"The essential difference between the status of employers who would now be relegated to common-law subrogation rights against tort-feasors under the act, and employers who assert rights under the second paragraph of section 29 against tort-feasors who are not bound by the act, is the time when such rights may be asserted."
This statement would seem to eliminate any doubt as to the fact that in this case plaintiff has no subrogation rights against the defendant other than those provided by the Act. The employers relegated to their common law subrogation rights were those seeking recovery from third parties who were bound by the Act. In the instant case, it is not disputed that defendant was a farmer and exempt from the provisions of the Act.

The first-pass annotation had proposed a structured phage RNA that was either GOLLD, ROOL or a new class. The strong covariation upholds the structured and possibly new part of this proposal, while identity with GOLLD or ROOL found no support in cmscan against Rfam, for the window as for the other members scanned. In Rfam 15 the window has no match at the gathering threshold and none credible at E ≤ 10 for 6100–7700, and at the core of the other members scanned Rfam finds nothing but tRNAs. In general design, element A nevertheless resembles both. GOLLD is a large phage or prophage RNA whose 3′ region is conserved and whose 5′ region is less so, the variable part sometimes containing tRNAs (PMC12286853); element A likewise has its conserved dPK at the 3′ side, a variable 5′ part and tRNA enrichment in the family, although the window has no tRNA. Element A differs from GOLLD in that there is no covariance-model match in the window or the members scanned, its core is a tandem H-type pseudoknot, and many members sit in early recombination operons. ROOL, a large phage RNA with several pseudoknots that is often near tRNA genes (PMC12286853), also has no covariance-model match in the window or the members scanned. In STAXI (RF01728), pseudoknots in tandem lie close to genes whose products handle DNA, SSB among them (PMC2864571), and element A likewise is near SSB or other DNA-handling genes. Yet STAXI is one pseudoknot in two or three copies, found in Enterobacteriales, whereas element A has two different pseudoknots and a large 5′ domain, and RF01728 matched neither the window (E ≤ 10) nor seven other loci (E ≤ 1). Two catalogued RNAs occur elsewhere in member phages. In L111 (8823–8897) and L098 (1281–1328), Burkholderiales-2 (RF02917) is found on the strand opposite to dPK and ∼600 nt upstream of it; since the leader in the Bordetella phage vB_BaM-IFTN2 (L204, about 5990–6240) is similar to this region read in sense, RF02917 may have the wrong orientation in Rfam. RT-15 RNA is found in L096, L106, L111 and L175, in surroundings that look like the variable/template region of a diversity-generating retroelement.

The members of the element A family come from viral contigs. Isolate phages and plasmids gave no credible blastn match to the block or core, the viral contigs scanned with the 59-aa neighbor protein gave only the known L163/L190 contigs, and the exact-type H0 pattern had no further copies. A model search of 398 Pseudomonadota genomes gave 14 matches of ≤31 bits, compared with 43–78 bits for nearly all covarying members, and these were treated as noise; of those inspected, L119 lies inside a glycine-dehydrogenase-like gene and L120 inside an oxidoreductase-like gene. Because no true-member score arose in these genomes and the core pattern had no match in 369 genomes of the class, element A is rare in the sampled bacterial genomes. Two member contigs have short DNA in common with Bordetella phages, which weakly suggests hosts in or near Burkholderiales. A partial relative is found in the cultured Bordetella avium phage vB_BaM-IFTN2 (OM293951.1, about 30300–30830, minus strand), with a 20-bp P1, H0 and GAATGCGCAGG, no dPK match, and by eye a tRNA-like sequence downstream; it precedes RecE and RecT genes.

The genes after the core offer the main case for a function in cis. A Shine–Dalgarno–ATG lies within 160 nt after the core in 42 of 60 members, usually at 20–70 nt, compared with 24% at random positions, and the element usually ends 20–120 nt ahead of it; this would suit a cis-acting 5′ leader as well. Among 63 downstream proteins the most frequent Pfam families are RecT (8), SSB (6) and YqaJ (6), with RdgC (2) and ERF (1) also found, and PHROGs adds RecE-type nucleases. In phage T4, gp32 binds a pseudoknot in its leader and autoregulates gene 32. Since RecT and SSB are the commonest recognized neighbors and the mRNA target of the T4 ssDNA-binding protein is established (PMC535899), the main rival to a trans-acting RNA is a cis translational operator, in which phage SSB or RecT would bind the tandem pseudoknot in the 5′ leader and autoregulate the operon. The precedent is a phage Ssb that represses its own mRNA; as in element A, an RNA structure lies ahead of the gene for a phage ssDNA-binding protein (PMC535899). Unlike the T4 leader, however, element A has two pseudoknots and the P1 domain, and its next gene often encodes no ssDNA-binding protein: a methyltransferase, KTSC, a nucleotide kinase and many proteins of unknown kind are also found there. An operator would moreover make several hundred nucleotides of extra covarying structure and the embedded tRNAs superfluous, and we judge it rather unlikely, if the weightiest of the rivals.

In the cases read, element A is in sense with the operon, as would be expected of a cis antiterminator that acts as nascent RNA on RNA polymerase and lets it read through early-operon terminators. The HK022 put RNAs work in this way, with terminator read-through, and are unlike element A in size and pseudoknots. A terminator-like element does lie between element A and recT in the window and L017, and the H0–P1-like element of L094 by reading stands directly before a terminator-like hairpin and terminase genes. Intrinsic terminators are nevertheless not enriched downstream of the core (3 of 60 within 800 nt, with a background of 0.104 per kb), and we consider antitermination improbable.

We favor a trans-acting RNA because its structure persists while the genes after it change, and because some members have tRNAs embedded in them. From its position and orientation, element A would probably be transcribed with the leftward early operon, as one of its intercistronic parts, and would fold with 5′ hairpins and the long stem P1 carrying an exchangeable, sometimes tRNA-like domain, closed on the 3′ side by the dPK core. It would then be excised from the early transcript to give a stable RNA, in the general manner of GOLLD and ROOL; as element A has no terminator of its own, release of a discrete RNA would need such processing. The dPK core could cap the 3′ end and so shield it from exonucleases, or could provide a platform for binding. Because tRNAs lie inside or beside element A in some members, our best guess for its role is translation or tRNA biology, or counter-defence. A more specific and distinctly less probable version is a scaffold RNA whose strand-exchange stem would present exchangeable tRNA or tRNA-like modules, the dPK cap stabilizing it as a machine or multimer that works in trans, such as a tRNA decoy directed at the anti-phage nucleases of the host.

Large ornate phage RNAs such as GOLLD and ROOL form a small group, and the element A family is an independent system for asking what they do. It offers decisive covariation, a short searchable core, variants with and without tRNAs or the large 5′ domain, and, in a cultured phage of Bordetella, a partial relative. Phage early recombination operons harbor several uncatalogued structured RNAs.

As the result of amendments to the Act adopted in 1953, it now provides statutory subrogation rights for employers without regard to whether the third party liable is or is not bound by the Act.